For my main, I went for the pan-fried calves liver on lentils, chicory and pancetta.  Now liver and some sort of smoked pork is another of those heaven-sent combinations that can hardly be improved upon, and this dish was no exception.  The chicory provided a welcome foil to the sweet richness of the rest of the dish, and the lentils added substance.  Again, my only small niggle was that, although I asked for the liver to be on the rare side of medium-rare, only the thickest of the slices retained a central pinkness – the others were cooked through.  But this could also have been a function of the differing thicknesses of the slices rather than actual cooking time.  All in all, it was a delicious dish.  Inge was far more virtuous than I was and opted for another starter in the shape of the Prosciutto, buffalo mozzarella, fig & rocket salad.  Each constituent ingredient was outstanding, but the creamy mozzarrella was my favourite.  Inge’s husband did exactly what my husband would have done and ordered the grilled ribeye steak with anchovies and garlic butter, and I must say that it looked like a carnivore’s dream.  I can also report that those with children need not worry – not only did staff provide pencils and colouring-in pictures, but there was also a good selection of sandwiches and excellent pizzas for less adventurous palates.
BabingtonHouseCourgette  BabingtonHouseLiver BabingtonHouseSaladBabingtonHouseSteak  Embarrassingly, after all that I still felt that dessert was an option!  But I have to say that I had by then largely reached my capacity for rich food, so my eye didn’t really move much beyond the ice cream and sorbet section of the dessert menu, lovely as other options may have looked!  In the end, I plumped for a very grown-up sounding gin and tonic sorbet.  Wow – definitely something I want to try at home!  It had a punchy flavour and a real taste of the drink, and I’m a sucker for alcohol in desserts :)  Inge, on the other hand, went for something which I’ve mentioned before as being the ultimate test of whether or not an ice-cream maker knows ther stuff:  pistachio ice-cream.  If it tastes of almond essence, they haven’t a clue.  But if, as this one did, they taste of savoury roasted pistachios, you know you are on to a good thing – and we certainly were!


BabingtonHousePistachioIcecreamService throughout was professional and totally charming, and many of the staff recognised and chatted to Inge – one of the perks of a members’ club as opposed to a public restaurant.  I was fortunate enough to be treated to lunch (thanks again, Inge!!) so I can’t tell you what the total bill was, but the dishes weren’t outrageously priced – about £7-£10 for a starter and £15-£19 for a main, which I thought represented pretty good value given the quietly luxurious surroundings and excellent food.  Our post-prandial stroll through the house revealed some wonderful hidey-holes where one could spend a chilly afternoon – maybe on the plump sofas in the lounge, around the snooker table, or in the cinema.  Alternatively, you could head out to the Cowshed (the on-site spa), the indoor or outdoor swimming pools… or if you are the type of madman who develops a penchant for self-flagellation after such a lovely meal, the gym 😉 If I lived anywhere near Babington House, I would be making enquiries about membership as we speak.  But, sadly, I don’t so I guess I will have to dream up an occasion to justify coming here for a weekend of unashamed indulgence, and another meal in their lovely conservatory.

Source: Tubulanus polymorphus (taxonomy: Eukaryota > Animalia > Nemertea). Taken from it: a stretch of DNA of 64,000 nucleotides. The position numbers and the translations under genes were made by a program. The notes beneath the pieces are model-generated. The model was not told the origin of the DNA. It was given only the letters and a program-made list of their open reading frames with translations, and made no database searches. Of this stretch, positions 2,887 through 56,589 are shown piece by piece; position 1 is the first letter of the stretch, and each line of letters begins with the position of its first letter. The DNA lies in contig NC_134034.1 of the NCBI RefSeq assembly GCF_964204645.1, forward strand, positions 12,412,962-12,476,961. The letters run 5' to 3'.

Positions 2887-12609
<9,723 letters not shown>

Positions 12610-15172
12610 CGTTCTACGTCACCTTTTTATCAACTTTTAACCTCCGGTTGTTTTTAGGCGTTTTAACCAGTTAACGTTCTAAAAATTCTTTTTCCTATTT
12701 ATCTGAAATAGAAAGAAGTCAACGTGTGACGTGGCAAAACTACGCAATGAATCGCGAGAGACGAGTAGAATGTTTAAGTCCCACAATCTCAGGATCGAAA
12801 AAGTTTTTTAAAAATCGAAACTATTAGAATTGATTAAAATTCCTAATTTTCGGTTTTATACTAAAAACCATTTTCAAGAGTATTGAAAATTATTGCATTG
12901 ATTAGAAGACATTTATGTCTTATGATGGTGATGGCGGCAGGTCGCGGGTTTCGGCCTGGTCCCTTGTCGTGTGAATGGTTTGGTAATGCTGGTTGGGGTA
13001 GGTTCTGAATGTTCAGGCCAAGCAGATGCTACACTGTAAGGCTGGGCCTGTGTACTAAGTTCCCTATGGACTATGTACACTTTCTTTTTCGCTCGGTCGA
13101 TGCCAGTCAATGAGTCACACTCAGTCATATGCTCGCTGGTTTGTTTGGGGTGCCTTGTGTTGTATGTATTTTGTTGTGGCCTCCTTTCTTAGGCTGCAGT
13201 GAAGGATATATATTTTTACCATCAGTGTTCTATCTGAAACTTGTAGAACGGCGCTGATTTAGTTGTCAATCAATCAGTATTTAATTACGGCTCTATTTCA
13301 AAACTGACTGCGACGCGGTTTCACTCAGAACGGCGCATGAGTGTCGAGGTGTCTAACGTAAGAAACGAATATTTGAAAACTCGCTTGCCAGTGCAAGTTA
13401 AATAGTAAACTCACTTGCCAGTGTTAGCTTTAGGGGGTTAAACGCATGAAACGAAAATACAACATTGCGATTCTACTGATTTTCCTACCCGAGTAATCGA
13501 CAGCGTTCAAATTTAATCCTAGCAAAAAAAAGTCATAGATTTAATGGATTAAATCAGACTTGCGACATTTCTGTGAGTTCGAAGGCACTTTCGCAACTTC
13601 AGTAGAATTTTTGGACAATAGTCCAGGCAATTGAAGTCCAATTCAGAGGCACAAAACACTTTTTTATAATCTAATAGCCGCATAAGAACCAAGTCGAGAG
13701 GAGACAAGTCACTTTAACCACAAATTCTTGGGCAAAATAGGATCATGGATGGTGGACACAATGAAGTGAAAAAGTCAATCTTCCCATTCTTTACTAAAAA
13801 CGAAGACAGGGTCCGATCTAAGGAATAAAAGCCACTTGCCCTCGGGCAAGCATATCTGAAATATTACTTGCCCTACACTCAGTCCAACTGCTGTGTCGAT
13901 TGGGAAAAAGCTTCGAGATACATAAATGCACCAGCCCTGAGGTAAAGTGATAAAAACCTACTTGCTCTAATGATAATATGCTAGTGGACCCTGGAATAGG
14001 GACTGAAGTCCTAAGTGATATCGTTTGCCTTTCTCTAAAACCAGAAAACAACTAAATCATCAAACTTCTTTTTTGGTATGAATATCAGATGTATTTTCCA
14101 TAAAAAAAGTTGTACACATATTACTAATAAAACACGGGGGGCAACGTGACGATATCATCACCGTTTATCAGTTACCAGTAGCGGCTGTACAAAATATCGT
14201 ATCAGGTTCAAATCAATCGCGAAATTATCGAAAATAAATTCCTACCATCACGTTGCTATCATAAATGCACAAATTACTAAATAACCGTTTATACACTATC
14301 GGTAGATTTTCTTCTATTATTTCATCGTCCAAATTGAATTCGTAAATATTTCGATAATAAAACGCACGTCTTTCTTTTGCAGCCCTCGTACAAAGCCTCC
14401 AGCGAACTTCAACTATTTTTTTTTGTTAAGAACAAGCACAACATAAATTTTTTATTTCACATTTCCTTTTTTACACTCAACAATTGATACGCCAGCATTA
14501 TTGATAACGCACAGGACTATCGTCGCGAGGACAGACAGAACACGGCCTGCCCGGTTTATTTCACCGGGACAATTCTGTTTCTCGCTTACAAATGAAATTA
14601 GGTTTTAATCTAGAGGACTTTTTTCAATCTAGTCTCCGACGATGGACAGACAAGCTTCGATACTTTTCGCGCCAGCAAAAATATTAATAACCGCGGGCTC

In brief: Like visiting an old friend who has a country manor and a cook who understands unfussy, ingredient-driven food.

Food: 7/10
Service: 9/10
Ambience: 8/10
Value: 8/10
Babington House
Babington (nr Frome)
Tel. +44 – 01373 812 266
Fax +44 – 01373 813 866

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  1. says

    I’m also salivating – it sounds truly divine! I’m coming straight back over to the UK! Forget picnics – let’s meet up there when I come over again!

  2. says

    Jeanne, I’m glad you enjoyed the meal. My favourite thing is that it is exactly like going to visit an old friend who just happens to have a beautiful old house. It was a lovely day and I’m just sorry I won’t be able to repeat it for a while. We’ll make a point of doing another visit when I get back from CT.

  3. says

    what a fancy place! it sounds far too sophisticated for me–i’d stick out like a sore thumb! that said, i’m satisfied living vicariously through you. your pictures and descriptions are great. :)

  4. says

    I went there this summer with my friend who has just moved to Mells. Even though I’d lived in Bath I never knew such an incredible place existed. We sat in the grounds on a beautiful summer’s evening. Fab isn’t it?